With coronavirus aid programs such as PPP loans and Federal Pandemic Unemployment Compensation coming to a close in the next several weeks, the Fed and Congress are gearing up for a second round of economic stimulus. Not to be outdone, European governments, are also getting in on the act. And markets are responding.

While there will be plenty of sturm and drang as officials hammer out the new packages, it would be a major surprise if the new stimulus in the US did not exceed $1 trillion That’s the number Treasury Secretary Steve Mnuchin is using, indicating the focus of the aid will be on “kids and jobs and vaccines.” Democrats are pushing for another round of stimulus checks and an extension of the popular Federal Pandemic Unemployment Compensation payments of up to $600 per week through January. The administration is seeking a payroll tax cut as a part of the new package, though at the moment, that particular goodie does not appear to have widespread support among Senate Republicans. Relief for state and local governments, perhaps in the form of greater flexibility in the use of federal funds, is expected to be a key component of upcoming negotiations. The ramifications for the municipal debt market are significant indeed, with state and local governments likely facing huge revenue shortfalls as a result of suppressed economic activity.

Government response to the pandemic is also accelerating in Europe. Today, the European Union announced it would borrow hundreds of millions of Euros to assist the hardest-hit European nations such as Italy and Spain. Not only does this provide a critical lifeline to Europe’s south, already hobbled by significant existing debt, it also signals the EU integrationists are ascendant. The borrowing is expected to total 750 billion euros, part of a 1.8 trillion euro overall spending package.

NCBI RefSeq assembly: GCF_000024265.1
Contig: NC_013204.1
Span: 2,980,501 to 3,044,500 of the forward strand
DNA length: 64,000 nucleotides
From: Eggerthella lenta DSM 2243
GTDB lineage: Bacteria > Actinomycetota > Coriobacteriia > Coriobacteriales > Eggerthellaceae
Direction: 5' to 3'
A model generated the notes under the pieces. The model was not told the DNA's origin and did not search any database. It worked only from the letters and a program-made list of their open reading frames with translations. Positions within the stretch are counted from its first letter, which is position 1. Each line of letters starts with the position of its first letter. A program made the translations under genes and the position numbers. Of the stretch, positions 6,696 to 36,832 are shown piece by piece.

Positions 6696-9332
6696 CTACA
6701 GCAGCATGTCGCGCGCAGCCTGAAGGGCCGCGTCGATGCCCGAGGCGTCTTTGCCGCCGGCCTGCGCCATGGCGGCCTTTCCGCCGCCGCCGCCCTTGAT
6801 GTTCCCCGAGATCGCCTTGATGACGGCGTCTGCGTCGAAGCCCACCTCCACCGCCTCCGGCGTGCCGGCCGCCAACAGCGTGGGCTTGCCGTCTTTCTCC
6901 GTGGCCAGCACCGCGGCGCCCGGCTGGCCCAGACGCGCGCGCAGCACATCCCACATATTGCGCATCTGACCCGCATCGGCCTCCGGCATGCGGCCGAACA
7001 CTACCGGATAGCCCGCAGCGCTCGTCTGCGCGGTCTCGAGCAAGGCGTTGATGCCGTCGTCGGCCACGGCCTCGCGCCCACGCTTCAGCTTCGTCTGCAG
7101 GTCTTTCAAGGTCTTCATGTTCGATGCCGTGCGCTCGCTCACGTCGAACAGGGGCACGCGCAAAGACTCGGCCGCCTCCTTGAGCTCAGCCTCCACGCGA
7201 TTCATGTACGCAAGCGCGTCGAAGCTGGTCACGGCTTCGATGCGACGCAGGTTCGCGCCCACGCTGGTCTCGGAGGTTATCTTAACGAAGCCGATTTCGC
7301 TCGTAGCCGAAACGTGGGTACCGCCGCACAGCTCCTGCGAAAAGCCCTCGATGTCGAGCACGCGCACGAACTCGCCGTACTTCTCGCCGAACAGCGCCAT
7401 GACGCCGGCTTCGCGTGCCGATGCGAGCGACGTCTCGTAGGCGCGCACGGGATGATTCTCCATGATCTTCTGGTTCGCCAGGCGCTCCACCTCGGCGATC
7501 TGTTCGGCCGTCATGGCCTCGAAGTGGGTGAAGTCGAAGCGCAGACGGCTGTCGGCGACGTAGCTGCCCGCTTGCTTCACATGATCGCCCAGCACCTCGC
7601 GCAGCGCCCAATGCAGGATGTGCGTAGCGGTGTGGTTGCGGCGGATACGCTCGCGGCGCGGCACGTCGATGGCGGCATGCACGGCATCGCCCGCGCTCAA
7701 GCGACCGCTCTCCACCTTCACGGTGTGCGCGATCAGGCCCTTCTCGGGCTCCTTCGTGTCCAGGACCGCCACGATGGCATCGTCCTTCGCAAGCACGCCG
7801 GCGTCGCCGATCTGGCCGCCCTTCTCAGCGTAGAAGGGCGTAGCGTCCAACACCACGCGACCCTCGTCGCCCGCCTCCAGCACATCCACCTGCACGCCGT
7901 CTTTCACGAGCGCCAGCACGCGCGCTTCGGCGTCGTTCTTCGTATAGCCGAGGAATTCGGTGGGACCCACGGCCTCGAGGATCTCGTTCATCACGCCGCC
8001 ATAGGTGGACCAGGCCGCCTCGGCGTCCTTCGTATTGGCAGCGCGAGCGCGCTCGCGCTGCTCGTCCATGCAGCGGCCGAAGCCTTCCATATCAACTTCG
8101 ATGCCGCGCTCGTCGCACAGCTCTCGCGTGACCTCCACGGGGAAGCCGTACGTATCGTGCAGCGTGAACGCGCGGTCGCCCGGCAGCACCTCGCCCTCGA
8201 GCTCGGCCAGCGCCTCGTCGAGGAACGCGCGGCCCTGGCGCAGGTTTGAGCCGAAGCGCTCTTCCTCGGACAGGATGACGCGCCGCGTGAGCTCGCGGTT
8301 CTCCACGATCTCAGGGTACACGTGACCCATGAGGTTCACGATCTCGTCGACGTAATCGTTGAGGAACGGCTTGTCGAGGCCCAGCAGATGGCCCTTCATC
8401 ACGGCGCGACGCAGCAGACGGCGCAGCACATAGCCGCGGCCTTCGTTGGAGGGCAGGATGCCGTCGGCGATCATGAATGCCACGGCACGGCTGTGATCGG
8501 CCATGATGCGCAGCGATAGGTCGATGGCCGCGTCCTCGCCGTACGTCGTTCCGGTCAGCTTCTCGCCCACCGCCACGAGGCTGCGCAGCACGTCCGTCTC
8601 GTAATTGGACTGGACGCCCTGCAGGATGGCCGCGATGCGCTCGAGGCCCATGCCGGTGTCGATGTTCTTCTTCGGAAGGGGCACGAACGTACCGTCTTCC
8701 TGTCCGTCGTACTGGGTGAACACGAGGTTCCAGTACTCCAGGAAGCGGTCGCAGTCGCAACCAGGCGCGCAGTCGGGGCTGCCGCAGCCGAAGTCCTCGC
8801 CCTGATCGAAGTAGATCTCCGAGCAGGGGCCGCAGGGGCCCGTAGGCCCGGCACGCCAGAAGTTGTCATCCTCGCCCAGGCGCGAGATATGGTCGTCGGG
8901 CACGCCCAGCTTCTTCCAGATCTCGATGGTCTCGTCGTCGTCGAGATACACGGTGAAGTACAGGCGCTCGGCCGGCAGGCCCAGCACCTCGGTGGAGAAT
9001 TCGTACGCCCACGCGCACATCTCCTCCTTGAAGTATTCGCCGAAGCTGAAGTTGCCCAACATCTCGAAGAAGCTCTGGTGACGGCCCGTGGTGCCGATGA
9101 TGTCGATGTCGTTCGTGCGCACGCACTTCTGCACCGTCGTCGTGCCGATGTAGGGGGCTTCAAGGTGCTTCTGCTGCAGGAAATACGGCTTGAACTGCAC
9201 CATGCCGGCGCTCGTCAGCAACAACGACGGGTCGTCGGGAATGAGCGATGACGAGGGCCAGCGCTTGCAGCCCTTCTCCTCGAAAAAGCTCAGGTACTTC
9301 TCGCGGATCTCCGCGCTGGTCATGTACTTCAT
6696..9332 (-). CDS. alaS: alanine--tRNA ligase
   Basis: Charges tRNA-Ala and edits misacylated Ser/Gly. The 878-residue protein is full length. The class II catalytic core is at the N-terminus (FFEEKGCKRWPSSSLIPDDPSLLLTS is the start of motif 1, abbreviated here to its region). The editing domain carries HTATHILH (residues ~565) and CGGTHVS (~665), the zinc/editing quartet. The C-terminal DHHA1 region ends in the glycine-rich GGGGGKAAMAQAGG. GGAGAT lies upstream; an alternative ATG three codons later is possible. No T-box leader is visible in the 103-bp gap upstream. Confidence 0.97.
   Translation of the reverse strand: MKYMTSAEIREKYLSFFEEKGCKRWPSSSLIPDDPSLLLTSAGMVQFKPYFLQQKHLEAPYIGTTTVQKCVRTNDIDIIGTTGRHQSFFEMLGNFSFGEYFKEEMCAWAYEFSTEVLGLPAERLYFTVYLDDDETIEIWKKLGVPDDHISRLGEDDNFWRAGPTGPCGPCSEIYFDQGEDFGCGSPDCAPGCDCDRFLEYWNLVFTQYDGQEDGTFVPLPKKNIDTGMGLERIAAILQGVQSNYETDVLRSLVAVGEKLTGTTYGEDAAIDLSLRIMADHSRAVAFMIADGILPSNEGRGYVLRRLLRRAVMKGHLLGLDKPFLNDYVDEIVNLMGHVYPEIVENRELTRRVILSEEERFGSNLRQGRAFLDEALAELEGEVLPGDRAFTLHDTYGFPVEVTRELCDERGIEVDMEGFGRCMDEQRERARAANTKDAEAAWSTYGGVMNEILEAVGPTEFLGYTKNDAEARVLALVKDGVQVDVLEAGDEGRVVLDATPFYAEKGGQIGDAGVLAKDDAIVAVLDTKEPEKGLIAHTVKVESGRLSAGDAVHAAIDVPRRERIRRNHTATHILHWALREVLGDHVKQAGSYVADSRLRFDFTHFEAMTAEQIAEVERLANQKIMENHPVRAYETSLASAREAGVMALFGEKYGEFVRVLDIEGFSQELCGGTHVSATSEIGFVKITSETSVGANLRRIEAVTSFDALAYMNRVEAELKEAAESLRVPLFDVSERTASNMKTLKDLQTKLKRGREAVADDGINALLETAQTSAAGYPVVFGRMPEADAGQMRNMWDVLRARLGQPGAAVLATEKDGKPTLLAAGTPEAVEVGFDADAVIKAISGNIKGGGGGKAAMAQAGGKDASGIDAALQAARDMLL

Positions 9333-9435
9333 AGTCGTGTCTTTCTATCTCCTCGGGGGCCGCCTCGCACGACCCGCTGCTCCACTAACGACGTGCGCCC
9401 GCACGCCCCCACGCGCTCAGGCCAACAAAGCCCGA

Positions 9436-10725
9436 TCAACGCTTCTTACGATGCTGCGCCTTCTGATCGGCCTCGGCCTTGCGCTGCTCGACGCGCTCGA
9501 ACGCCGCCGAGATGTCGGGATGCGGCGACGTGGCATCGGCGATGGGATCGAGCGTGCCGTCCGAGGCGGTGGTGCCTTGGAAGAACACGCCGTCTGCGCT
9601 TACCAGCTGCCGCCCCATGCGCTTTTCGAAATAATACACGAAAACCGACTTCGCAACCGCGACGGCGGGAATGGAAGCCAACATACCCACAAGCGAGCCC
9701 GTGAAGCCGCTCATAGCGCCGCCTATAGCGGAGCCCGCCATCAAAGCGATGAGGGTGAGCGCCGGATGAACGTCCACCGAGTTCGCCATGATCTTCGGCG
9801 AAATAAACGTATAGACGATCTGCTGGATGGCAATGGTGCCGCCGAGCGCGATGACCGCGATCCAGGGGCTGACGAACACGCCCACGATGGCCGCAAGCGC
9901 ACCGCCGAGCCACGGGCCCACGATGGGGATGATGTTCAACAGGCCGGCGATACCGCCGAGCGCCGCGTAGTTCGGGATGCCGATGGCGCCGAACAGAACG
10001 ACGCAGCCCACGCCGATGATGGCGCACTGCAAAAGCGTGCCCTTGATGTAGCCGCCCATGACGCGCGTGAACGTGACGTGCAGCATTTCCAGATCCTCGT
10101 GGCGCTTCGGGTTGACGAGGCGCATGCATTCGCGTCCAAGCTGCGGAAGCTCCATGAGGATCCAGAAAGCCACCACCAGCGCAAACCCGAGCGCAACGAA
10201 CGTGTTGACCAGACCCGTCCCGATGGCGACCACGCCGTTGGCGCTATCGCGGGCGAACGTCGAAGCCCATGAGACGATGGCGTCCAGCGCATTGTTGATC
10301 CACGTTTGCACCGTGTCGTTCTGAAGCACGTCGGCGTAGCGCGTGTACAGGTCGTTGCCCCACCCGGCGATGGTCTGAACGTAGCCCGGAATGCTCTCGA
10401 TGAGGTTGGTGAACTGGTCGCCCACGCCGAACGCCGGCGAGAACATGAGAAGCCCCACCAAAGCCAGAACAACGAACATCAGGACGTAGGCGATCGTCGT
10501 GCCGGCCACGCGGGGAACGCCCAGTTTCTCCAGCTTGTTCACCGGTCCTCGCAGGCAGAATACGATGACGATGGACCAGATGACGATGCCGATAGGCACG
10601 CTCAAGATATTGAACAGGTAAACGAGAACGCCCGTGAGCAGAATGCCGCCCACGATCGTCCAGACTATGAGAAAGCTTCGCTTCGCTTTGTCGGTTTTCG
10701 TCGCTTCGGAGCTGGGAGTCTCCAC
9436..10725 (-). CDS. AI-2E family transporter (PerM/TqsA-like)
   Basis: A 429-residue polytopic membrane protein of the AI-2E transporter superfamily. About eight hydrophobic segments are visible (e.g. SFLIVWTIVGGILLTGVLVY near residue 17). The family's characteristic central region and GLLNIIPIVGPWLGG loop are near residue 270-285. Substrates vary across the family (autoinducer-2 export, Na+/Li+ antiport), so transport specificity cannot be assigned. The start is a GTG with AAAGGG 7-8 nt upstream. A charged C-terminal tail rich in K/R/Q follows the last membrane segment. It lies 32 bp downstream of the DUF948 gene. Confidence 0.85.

Market are pricing in a recovery.

The S&P 500 is now up more than 5 percent this month and the Dow is up almost 4 percent. The tech-heavy NASDAQ has gained more than 6 percent (and is up 19 percent for the year.) The VIX index, which measures market volatility—often equated with fear--has fallen more than 18 percent.

COVID-19 is still spreading like wildfire in much of the US, with almost 49,000 new cases at the time of this writing, bringing the US total to more than 4 million. However, masks seem to be less of a political statement today than they were a month ago, as more studies have shown they can dramatically reduce the spread of the disease. This could change the game rapidly.

With the central banks of the world continuing to pump money into the global economy, financial markets continue to function well, and asset prices have clearly benefited. The outperformance of the megacap tech names continues to astonish, particularly AMZN, now up 14 percent for the month.

Even if we weren’t in the midst of a global pandemic, late summer is a transition period, when investors begin to look past the current year and focus on next year. I can think of perhaps no forward year in my career that would have been more difficult to handicap. But the central banks are making sure the gravy train is running while we wait.

Any opinions are those of Burke Koonce and not necessarily those of Raymond James. There is no guarantee that these statements, opinions or forecasts provided herein will prove to be correct. Any information is not a complete summary or statement of all available data necessary for making an investment decision and does not constitute a recommendation. Burke Koonce is a financial advisor at Raymond James & Associates, Inc., member New York Stock Exchange, member SIPC.